ADD REPLYlink written 2.6 years ago by Brian Bushnell15k

for me. I have contigs and I do not know exactly the length contigs but mybe their average length is about 300kbp (or plus). With these contigs I want to do a scaffolding. How to do in this case?? thanks

ADD REPLYlink written 2.6 years ago by midox190

...and what kind of read libraries do you have?

ADD REPLYlink written 2.6 years ago by Brian Bushnell15k

what does it mean "read libraries" ?? sorry

ADD REPLYlink written 2.6 years ago by midox190
1

A read library is a set of reads processed together (in the laboratory). To describe a library, you need to state:

What kind of input genetic material was used, what platform was your data sequenced on, how long are the reads, what is the expected insert size, how were they fragmented, what chemistry was used, etc. If you are not sure, then ask whoever sequenced the DNA; you have to know this before processing the data.

ADD REPLYlink written 2.6 years ago by Brian Bushnell15k

from what I know, I have short reads sequenced from Illumina with 300bp lenght. and i have long reads.

ADD REPLYlink written 2.5 years ago by midox190
1

Ok... so, pick a program that does scaffolding, like sspace. Map your reads to your contigs to get the insert size distribution, or whatever it requires as an input. Then run the program according to its instructions (I've never used it, personally).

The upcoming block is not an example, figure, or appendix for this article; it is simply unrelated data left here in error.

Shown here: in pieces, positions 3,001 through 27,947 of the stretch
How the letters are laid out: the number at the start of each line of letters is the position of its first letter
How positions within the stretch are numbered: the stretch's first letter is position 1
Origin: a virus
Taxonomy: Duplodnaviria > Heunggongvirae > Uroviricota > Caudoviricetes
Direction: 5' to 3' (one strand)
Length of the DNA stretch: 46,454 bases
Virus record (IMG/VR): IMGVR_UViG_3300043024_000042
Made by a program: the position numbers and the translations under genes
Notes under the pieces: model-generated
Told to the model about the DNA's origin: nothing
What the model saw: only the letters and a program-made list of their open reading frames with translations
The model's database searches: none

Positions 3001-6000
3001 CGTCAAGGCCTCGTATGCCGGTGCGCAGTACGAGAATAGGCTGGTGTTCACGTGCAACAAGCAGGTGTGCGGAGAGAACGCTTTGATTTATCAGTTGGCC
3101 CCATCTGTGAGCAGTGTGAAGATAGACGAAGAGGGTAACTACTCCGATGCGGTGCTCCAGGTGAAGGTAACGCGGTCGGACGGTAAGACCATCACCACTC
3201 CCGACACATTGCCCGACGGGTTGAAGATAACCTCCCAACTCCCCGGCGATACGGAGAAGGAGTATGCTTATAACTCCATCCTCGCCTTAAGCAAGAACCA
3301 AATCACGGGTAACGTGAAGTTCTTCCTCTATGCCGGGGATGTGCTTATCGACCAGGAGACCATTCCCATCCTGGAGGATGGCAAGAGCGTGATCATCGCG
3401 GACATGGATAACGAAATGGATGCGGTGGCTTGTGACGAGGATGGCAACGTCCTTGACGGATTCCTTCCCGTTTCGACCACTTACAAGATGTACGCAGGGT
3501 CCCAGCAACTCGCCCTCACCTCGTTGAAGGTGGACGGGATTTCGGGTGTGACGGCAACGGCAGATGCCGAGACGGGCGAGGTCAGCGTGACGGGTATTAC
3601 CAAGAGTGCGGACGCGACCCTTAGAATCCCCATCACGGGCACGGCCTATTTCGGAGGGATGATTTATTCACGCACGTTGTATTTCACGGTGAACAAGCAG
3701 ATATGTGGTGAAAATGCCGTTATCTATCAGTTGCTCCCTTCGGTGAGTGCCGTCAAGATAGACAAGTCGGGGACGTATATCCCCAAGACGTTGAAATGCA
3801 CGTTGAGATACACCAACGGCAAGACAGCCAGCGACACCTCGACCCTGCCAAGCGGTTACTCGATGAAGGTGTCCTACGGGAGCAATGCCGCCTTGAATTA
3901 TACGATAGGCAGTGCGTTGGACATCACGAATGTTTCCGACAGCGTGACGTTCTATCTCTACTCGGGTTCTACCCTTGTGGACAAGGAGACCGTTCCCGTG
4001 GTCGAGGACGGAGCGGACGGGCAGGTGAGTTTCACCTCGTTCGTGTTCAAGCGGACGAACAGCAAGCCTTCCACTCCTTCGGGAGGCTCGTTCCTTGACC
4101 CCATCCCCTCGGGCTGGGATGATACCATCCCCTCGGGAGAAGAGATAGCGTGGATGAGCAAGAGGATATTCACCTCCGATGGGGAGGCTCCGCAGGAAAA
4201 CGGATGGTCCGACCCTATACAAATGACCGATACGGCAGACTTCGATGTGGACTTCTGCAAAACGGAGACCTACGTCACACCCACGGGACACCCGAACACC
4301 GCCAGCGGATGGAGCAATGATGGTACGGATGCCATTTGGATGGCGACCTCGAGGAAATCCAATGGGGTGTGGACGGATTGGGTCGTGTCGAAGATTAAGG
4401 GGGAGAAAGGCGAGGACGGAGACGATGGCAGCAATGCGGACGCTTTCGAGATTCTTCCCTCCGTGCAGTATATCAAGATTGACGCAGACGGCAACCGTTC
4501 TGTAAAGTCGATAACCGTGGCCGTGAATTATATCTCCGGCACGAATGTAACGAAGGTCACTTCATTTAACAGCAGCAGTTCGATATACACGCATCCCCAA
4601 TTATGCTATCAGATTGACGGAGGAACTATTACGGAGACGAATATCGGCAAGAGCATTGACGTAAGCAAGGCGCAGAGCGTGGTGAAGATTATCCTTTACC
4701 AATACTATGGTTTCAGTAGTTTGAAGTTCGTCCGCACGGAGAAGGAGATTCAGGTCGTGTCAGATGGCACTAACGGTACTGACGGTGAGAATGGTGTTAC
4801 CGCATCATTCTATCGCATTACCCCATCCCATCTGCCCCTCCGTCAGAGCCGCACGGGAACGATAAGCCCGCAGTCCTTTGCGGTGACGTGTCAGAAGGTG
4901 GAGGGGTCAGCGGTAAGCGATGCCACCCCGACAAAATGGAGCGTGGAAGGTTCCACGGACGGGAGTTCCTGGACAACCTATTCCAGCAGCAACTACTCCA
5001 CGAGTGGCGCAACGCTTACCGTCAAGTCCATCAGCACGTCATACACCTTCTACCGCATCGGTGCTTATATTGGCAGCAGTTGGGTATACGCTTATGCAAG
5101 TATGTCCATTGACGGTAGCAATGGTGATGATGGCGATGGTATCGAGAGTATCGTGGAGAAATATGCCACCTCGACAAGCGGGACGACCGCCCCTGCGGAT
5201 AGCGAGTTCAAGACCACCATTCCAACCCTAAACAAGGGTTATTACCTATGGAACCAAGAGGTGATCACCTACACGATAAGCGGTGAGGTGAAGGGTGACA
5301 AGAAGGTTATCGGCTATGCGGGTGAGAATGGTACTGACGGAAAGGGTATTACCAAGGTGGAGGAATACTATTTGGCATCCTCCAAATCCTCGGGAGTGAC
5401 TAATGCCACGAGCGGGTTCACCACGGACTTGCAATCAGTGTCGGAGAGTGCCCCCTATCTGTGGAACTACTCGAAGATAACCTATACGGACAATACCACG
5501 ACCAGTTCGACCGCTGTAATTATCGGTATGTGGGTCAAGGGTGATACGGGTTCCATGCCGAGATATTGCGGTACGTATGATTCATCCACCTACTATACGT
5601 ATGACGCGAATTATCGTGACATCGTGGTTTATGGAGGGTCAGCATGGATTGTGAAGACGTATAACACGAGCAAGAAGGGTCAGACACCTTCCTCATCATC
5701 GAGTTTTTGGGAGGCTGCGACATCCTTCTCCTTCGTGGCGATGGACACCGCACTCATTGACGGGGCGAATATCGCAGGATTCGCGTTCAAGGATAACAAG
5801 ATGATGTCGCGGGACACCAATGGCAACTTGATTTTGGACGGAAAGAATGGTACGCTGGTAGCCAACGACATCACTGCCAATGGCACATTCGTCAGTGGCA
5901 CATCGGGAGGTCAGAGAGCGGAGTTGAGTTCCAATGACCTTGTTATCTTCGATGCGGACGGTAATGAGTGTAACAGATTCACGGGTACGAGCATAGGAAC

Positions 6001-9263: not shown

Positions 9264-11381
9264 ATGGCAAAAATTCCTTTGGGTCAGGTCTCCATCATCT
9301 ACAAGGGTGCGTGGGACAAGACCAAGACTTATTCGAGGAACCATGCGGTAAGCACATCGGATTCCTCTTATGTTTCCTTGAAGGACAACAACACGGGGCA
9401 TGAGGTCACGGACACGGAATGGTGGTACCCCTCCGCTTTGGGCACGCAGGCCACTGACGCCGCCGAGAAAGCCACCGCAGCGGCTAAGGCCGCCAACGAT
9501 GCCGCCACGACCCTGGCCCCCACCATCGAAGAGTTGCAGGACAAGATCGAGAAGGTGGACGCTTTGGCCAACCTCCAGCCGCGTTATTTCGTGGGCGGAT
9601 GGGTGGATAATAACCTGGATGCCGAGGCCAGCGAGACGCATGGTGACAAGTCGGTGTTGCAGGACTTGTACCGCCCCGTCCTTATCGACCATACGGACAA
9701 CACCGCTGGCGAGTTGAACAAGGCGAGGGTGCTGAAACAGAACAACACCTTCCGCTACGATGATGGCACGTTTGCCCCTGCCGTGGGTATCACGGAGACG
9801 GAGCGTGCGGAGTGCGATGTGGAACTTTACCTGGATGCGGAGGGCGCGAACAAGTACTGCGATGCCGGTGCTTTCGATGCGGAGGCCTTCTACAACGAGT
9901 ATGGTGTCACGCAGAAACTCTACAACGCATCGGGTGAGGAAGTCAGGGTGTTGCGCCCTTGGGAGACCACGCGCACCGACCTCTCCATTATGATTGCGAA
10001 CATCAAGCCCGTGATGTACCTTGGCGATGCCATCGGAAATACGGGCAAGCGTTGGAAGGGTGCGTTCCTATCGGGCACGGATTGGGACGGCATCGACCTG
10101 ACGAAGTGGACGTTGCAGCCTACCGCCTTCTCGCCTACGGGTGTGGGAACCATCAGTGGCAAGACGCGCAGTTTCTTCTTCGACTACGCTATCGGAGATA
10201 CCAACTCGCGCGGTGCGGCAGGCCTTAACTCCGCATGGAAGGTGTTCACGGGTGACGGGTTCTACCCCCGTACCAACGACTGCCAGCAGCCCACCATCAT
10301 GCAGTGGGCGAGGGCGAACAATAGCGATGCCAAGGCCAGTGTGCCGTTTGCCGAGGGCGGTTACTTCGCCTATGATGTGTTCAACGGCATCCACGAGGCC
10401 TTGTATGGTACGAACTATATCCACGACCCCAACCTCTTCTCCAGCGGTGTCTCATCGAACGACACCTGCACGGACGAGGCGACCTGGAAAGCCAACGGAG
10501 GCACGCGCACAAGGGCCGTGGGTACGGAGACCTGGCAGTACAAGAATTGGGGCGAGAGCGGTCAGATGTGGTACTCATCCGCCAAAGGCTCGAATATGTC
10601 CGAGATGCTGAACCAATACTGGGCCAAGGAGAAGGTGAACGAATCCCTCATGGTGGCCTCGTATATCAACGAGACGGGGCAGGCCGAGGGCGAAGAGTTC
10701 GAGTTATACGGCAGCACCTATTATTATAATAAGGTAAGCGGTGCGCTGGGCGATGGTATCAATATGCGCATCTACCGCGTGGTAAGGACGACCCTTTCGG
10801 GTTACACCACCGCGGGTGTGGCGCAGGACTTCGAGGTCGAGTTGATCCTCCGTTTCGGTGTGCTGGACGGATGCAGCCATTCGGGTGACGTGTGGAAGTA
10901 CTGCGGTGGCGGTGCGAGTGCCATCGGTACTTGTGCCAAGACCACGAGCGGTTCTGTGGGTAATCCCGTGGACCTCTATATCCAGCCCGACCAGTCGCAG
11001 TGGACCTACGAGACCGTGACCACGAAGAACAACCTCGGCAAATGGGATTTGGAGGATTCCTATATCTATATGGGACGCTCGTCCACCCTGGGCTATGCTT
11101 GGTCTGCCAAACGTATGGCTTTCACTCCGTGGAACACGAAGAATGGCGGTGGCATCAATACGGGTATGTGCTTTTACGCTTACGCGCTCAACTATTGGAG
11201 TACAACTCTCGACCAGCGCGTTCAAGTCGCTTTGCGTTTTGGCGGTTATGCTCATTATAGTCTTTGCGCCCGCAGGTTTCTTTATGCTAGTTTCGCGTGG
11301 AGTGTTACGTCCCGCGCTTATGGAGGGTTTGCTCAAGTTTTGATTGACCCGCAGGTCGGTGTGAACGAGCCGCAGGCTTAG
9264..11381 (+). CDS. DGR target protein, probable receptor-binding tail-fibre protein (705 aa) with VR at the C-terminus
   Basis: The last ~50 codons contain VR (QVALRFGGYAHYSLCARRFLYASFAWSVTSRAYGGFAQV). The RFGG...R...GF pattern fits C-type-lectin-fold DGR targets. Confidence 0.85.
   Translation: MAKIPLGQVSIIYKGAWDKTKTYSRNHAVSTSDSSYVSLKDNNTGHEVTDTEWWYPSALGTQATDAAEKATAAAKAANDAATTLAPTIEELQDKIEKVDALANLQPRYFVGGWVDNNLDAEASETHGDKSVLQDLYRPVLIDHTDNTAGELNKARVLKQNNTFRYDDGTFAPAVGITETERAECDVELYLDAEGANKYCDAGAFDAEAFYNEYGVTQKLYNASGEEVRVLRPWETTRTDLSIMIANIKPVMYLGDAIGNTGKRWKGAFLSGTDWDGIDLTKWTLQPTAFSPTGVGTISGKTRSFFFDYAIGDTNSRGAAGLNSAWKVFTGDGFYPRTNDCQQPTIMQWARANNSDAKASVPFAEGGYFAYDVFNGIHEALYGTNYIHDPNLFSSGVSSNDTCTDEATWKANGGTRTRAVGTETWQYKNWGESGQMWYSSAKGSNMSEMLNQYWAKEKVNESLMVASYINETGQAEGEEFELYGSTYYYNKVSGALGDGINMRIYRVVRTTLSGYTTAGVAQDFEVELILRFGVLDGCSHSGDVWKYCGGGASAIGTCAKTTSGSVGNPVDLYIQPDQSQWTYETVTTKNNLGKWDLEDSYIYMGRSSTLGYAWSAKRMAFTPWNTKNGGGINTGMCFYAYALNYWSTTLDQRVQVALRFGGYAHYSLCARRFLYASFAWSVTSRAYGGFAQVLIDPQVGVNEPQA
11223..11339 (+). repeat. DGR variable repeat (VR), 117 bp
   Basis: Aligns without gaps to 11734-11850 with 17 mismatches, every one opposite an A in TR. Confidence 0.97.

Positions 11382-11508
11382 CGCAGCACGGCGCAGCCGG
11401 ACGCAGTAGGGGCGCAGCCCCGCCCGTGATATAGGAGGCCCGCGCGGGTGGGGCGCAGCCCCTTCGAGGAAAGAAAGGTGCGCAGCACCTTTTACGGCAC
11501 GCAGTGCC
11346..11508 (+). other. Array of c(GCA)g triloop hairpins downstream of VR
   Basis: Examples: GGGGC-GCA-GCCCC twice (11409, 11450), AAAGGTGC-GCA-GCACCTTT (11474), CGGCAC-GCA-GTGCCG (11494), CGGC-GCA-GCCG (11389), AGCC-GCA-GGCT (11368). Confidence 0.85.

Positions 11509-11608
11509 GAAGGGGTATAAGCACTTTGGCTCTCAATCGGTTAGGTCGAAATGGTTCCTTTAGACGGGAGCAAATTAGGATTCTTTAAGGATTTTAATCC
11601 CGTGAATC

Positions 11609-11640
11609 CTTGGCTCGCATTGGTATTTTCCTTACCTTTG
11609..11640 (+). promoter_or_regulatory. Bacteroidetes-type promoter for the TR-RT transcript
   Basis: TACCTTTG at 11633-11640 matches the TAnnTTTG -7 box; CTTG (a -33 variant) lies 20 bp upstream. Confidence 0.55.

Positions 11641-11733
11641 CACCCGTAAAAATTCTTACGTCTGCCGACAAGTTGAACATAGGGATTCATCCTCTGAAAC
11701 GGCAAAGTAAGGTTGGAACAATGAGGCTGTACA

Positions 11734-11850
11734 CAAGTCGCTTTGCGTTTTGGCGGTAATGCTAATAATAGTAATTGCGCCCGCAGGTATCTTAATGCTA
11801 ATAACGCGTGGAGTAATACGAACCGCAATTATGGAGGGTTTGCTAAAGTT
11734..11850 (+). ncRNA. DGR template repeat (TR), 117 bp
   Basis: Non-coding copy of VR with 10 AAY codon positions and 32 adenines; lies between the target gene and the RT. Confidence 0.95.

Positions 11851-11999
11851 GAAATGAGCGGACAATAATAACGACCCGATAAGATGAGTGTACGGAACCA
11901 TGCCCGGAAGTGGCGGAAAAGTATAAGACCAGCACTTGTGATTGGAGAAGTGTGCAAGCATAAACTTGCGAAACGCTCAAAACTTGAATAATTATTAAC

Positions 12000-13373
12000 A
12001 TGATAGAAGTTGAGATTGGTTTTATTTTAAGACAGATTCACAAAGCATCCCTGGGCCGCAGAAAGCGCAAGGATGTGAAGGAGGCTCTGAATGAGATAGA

ADD REPLYlink written 2.5 years ago by Brian Bushnell15k

Yes thanks. But I want to program a scaffolder. this is why I want to know how to do it scafolding because in the papers is not clear. That's why I need help. Thank you

ADD REPLYlink written 2.5 years ago by midox190
1

Basically... a scaffolding program constructs a graph in which contigs are the nodes and read pairs are the edges; two contigs A and B are joined by an edge if one read maps to A and the other read maps to B. The processing determines which edges are real, and which are spurious. Once that is known, it is simple to condense the nodes into linear scaffolds.

This discussion ignores issues like sequencing errors and repeated sequences which make scaffolding difficult.

ADD REPLYlink modified 2.5 years ago • written 2.5 years ago by Brian Bushnell15k

"two contigs A and B are joined by an edge if one read maps to A and the other maps to B." here, the other what is it? the other pair of read?

and we not use the mate pairs reads?

Thanks

ADD REPLYlink modified 8 days ago by Ram17k • written 2.5 years ago by midox190
1

The other read in the pair (I've clarified my response above). I'm not sure what your second question means, but this is how the mate pairs are used.

ADD REPLYlink written 2.5 years ago by Brian Bushnell15k

Yes, thank you for your clarification.

when you say "a scaffolding program constructs a graph in which contigs are the nodes and read pairs are the edges; two contigs A and B are joined by an edge if one read maps to A and the other read maps to B. The processing determines which edges are real, and which are spurious".

Here we use just paired-end reads?

Sorry, I'm fuzzy on the scaffolding process.

ADD REPLYlink modified 8 days ago by Ram17k • written 2.5 years ago by midox190

"Here we use just paired-end reads?"

Yes, that's correct.

ADD REPLYlink written 2.5 years ago by Brian Bushnell15k